Since kissing from two metres away is a physical impossibility, this rule isn’t hard to maintain except for politicians and cheats
The new normal has brought with it new priorities, new rules of engagement, and a new or rarely-used-before vocabulary, which includes ‘coronavirus’ itself, wfh (bet you thought it a swear word at first — I did!), lockdown, flattening the curve, and social distancing. We all now know the two-metre rule, though we don’t seem to be able to abide by it (what’s with all the barging, People?).
We’ve also been advised not to hold hands, hug or kiss, except in our bubbles. Since kissing from two metres away is a physical impossibility, this rule isn’t hard to maintain except for politicians and cheats, viz. often one and the same.
The rags are full of scandals about British politicians caught with their pants two metres down, in bubbles that don’t appear to be theirs, because the lockdown rules have eluded them (though they made them themselves).
Yet, for many of us the pandemic rules of engagement are no more baffling than those we had to contend with before, such as the etiquette around kissing, aka. Kissiquette.
Having had two children, and perfectly aware of how they came about, it’s not romantic or affectionate smooching that perplexes, but the formal, impersonal, performative variety, practised with relative strangers.
1) How many kisses before one can disengage? Us plebs would have it at one, if at all. But if you’re part of the fashionable set, it is at least two, on either cheek.
This, I understand, is French (not to be mistaken for French kissing which doesn’t involve cheeks at all). At other times, they will complete their pair of kisses and lean in for a third. The Swiss Kiss, I believe.
This is fraught with danger. Will they or won’t they? Will you offend them by stepping away too soon or unwittingly end up molesting them by moving in for an unwanted third?
As a writer and a reclusive one, this is more stress than I can handle, especially at festival time, when the literary fraternity morph into showbiz luvvies, rushing into the arms of their peers, no matter how often they’ve stabbed each other in the back.
At one such, I found myself in a sticky situation when having kissed me twice, the well-known author surfaced for air, but did not appear to have finished. Very much the novice, at both literary fests and social snogging, I became so unnerved by the ticking time bomb of our face-off, I found myself holding up my half-eaten biscuit and squeaking, “Want my cookie?” They did not, nor my company thereafter.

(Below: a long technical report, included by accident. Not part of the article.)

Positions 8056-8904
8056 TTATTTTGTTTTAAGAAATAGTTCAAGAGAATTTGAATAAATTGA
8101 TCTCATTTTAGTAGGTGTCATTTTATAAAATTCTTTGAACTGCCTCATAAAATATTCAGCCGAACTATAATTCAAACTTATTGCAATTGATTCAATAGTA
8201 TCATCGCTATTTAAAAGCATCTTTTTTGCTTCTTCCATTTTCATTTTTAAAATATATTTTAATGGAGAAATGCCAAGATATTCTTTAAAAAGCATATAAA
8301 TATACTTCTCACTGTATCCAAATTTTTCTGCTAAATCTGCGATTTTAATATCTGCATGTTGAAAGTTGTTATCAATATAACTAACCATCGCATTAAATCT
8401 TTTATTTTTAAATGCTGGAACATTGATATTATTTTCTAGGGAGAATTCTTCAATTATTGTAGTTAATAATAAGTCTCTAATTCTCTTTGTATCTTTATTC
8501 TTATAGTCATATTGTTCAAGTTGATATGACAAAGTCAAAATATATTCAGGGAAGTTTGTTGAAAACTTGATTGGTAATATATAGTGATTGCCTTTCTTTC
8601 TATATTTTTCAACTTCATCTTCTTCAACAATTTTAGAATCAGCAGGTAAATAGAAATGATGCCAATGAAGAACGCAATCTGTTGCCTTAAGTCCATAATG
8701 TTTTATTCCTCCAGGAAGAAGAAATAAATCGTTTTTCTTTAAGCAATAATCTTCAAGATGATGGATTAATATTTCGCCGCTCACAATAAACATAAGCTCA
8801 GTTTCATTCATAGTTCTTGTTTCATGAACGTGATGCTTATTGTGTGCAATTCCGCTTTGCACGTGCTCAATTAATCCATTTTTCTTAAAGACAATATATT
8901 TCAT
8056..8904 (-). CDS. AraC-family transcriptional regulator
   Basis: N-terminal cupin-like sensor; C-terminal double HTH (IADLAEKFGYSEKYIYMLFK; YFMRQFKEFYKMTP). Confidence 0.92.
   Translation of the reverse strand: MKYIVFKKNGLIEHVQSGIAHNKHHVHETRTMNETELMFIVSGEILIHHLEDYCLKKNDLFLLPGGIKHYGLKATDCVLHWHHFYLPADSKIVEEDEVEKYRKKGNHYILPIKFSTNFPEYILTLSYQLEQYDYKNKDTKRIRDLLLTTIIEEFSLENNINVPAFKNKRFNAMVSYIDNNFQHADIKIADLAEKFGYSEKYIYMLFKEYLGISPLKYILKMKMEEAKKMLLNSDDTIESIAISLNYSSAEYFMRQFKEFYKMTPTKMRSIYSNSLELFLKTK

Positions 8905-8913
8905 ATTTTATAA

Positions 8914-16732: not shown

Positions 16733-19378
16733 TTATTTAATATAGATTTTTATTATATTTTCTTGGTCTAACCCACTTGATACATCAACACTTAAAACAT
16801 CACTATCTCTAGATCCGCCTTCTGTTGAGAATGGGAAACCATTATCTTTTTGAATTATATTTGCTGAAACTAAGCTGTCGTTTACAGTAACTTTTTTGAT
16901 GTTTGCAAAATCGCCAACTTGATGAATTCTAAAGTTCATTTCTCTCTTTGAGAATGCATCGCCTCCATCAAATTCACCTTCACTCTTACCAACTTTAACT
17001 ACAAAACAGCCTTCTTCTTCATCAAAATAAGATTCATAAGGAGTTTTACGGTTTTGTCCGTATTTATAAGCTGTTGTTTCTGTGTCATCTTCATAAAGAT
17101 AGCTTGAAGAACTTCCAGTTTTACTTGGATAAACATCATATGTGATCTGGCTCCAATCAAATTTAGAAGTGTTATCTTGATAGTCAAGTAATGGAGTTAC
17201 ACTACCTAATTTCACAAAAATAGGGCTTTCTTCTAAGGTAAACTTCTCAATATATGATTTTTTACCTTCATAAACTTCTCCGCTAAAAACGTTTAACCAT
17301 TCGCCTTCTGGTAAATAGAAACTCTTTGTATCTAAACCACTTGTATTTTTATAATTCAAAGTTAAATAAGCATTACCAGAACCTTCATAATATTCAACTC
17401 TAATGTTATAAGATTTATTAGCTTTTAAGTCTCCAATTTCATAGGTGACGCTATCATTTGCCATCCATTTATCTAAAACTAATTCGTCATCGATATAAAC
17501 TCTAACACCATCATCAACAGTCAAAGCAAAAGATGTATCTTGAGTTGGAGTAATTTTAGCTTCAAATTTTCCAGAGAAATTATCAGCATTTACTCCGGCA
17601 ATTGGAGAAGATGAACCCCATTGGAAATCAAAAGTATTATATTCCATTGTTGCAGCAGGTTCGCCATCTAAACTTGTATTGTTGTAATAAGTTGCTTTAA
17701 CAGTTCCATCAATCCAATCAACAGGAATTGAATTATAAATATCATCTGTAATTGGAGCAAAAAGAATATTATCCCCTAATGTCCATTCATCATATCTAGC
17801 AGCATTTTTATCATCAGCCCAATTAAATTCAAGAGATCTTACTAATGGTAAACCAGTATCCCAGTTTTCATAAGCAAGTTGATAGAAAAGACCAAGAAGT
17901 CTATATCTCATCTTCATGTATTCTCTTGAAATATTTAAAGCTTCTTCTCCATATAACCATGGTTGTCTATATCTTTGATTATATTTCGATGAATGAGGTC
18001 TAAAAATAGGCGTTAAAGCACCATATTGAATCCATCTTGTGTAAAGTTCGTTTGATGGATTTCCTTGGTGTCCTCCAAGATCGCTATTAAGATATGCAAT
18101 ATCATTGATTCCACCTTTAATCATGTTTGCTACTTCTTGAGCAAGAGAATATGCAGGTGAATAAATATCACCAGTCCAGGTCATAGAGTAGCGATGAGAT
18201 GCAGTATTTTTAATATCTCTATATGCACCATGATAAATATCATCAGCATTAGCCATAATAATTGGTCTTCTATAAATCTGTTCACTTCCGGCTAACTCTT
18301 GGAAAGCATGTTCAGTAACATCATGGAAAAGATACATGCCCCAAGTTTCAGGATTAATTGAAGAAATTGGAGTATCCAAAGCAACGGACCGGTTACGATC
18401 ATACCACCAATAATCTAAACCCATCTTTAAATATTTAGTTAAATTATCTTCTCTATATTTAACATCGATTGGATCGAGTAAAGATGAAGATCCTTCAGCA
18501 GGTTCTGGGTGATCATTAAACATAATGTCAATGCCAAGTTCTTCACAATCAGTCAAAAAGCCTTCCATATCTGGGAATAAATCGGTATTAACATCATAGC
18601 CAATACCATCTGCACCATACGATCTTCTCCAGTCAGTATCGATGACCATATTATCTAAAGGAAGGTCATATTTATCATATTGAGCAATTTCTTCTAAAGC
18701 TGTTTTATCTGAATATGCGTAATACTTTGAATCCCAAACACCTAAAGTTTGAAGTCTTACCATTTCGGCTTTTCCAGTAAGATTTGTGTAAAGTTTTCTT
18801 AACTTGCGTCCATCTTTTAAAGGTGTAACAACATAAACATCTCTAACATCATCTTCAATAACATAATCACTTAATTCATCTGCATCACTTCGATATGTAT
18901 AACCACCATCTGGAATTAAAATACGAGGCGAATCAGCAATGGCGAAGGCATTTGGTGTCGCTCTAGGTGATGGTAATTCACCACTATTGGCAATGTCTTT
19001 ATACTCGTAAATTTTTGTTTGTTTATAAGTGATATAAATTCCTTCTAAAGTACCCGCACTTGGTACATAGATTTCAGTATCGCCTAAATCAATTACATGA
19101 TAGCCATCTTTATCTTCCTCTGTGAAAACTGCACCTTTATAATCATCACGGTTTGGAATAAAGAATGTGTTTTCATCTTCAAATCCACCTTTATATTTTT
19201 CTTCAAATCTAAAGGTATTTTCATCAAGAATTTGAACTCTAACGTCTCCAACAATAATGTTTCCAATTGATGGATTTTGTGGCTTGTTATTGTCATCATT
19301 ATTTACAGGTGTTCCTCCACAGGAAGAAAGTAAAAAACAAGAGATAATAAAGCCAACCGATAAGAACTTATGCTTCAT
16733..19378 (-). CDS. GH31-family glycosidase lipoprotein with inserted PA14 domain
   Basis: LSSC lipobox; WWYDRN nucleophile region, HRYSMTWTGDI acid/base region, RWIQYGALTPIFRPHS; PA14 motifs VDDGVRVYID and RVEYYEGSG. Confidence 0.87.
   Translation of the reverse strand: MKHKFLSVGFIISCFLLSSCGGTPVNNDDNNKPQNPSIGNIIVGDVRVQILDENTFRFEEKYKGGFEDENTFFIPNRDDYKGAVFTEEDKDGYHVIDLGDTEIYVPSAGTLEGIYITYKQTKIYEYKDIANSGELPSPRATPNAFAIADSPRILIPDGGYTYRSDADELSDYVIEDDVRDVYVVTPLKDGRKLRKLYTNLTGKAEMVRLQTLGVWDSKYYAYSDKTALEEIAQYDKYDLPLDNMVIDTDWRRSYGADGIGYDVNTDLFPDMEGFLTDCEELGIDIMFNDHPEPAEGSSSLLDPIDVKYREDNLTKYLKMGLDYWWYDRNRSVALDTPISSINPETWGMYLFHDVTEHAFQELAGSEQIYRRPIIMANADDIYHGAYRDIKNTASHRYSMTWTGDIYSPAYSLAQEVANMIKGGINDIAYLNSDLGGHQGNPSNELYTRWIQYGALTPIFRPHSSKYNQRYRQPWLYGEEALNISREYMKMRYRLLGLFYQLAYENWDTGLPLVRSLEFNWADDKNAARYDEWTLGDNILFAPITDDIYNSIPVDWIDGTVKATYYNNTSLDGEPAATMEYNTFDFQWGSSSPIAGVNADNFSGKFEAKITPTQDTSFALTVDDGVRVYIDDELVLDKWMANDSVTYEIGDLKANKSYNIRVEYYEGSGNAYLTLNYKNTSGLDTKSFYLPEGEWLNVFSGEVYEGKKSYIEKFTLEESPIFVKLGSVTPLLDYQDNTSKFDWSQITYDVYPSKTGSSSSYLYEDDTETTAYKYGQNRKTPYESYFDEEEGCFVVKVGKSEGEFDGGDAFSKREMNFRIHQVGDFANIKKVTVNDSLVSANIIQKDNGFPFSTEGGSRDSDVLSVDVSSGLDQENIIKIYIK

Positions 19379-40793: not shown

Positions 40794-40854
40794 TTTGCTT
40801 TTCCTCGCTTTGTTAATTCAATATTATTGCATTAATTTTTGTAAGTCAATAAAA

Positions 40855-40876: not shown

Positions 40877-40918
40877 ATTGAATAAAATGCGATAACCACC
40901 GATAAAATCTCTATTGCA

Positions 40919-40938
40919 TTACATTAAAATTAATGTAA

Which settled that, but left me no wiser about how many kisses are too many. Or why not a wave, smile, or namaste instead?
2) Whose idea was it to start blowing kisses on Zoom? In these long months of webinars, only one person has, thus far, ended a session by actually planting a smacker on the screen. But nearly everyone now blows kisses at it. The problem with virtual kisses is that they’re so indiscriminate.
You cannot blow kisses selectively. It has to be to everyone in the ‘room’ or not at all. Or go to extraordinary lengths to ensure you’re left at the end with the right people, the kissable people.
Or shut down screens, open up other screens, kiss the wrong people. Gaah. What if, outrageous though it might sound, a blown kiss for you is not a thing of air and inconsequence but an affirmation of actual affection? And blowing kisses to all and sundry smack of hypocrisy?
If that’s making heavy weather of something slight, doesn’t the awkwardness of it all bother you? While the planted smacker may have been the only one, several people in their inelegant attempt to throw kisses from too close to the screen have thwacked it instead, jolting the session to a premature close.
Of course friendly chats shouldn’t stint on kisses blown, but strangely, younger, singler friends tell me that romantic assignations, much of which has moved online, have turned out terribly chaste.
That there’s no va-va-voom in Zoom, no Tinder kegs are lit, and blowing of any sort hardly happens. Through time and tide and many conversations, slow and steady wins the kiss. Like the amours conducted through epistles in the pages of an Austen classic.
3) But what would Jane have made of kissy emojis and the many curious crosses in texts? Oh I’ve learnt to mirror them exactly when writing back, in the hope no one guesses I haven’t a clue what they mean.
I get that they’re kisses of course, and a convenient way of expressing affection in writing, because how many of us have time to compose sonnets? Yet, how many emoji hearts are too many? What colour should they be? If it’s a kissy emoji, should it wink, for example, if your feelings are true? How about those pesky little exes, I mean x’s; when are they in excess?
I was led to believe a capital X denoted passion till the many messages from my 102-year-old great-aunt-in-law, each carrying giant X’s, convinced me otherwise.
Similarly, when is it “love”, and when “luv”? Whatever it is, I must have got it wrong hundreds of times, and offended as many as I’ve scared!
I know I no longer need worry in this pandemic if in-the-flesh salutations involve one kiss or three (hurrah).
And if biscuits are misplaced in such transactions, there’s clearly more for me (double hurrah). Yet the question stands- how much performative love is too much (or too little), and why wasn’t I sent the explanatory memo everyone else got?
If you know the answers to these, especially the correct number of kisses, please drop them into an envelope and send to The Editor, Deccan Chronicle, Hyderabad.